Speaking of the queue, I loved how Cedar Point put the new switchback area right next to the first drop and final bunny hills. It really builds excitement seeing the trains fly down the drop at 74 mph, RIGHT next to you. The whole ride looks extra intimidating when you’re completely surrounded by it. Also, the long stretch of queue that sat under Mean Streak’s brake run was kept with Steel Vengeance, and in some ways it’s scarier than the ride itself. I’ll just say, watch out for spiders…
The station remains largely unchanged from the Mean Streak days besides getting touched up with some paint, and here we get our first close look of the trains. Steel Vengeance’s trains are themed to look like mine cars, which work great with RMC’s trademark box car shape (though not quite as good looking as say, Twisted Cyclone’s trains). These are also RMC’s G2 trains that feature slightly larger lap bars and a completely redesigned chassis.
While RMC’s G1 cars are very much like wood coaster trains with one road, guide, and up-stop wheel mounted directly to the car body in a fixed position on each side per car, G2 trains are much more like traditional steel coaster trains. Each car features a swivel axle chassis that pivots along the centerline of the track, and each wheel assembly contains a pair of road, guide, and up-stop wheels, totaling 6 per side, per car (so 12 wheels per car, with an additional lead axle up front, totaling 84 wheels per train. G1 trains just have 42). Each assembly is also able to pitch up or down. This all ensures that the wheels will always be in line with the track, providing incredibly smooth and fluid tracking with as little friction as possible.
Ok, now finally on to the ride itself.
(Video by Cedar Point)
Rolling out of the station, we quietly cruise around a right turn that lines us up with the lift hill, but not before hitting a couple of teaser bunny hops, which actually float you out of your seat just a tad! It’s a fun way to kick off the ride before engaging the lift hill, which happens to randomly be CRAZY loud. It reminds me a lot of Son of Beast’s lift hill with its original trains; a deep, guttural sounding clacking of the anti rollback dogs right below your feet. The lift is steep and fairly quick, getting you to the top in roughly 30 seconds. The view of the park and the lake from the top is beautiful, but you’re only able to appreciate it for a few seconds before the track basically gets yanked out from underneath you.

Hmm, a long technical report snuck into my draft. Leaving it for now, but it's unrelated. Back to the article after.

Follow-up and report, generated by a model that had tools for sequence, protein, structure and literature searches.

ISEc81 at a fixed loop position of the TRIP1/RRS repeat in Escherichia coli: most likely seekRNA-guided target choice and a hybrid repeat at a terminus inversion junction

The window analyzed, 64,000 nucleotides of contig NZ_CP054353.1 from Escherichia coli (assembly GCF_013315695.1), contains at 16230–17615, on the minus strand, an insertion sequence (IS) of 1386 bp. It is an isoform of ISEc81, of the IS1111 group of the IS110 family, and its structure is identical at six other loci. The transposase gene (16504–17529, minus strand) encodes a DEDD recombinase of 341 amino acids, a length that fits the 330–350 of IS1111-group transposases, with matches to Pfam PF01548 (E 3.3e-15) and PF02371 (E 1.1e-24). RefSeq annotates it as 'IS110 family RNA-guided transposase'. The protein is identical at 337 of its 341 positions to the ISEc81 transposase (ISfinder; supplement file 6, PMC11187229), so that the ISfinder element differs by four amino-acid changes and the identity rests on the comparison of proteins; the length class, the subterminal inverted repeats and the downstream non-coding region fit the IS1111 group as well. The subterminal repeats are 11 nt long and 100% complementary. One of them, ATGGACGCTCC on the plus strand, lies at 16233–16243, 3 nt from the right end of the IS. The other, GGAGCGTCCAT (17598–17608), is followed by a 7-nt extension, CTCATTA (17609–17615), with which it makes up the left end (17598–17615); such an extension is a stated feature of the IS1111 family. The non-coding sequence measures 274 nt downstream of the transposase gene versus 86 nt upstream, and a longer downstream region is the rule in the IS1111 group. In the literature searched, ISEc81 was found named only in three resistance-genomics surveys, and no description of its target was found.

This 200 foot, 90 degree drop starts the ride off with a bang. The train drops down so fast it almost feels like it’s catapulted down, especially in the back row, and the airtime here is as strong and sustained as you would think with a long train going down a 90 degree drop would be. What’s really crazy though is that despite probably being the most visually intimidating element for onlookers on the ground, it’s honestly one of the least interesting moments of the ride.
Steel Vengeance milks its top speed a bit by throwing you over a speed hill maybe 5 feet tall, before rocketing up and over a gigantic, uniquely shaped camelback hill. On Mean Streak, this was a simple, large fan turn. With the conversion, RMC raised the height of it by maybe 30-40 feet, and flattened the banking completely, so you rise up while curving right, straighten out at the crest, then continue curving right on the way down, so what ends up happening is you get two distinct jolts of lateral g’s to the left. One going up, and one going down. I was extremely impressed with how much speed the train has going up and over this hill despite how giant it is.
Coming out of the camelback, we come to the first truly unique element of the ride: a large, outside banked curving hill, in which the track is banked outward to the left while curving right. You would think that the lateral g’s here would be uncomfortably intense, but actually, they are almost completely cancelled out by the airtime created by the rising and falling of the track. This is probably my favorite element of the ride, because it feels just like a regular ejector airtime hill, but the fact that you’re tipped on your side and absolutely booking it up and over makes it so powerful feeling and fun.
Dropping to ground level, the train rises and levels out over a quick speed bump before rising into the first inversion, an upward zero-g roll. This zero-g roll is cool because after completing the flip, you twist right side up at the highest point before continuing your roll to the right that leads seamlessly into a banked right turn diving under the lift hill. The whole element could be described as a 450 degree roll since that’s the amount of degrees you roll before getting to the turn. It’s also probably the smoothest, most comfortable zero-g roll I’ve ever experienced. You gently float through the whole thing with what feels like no effort.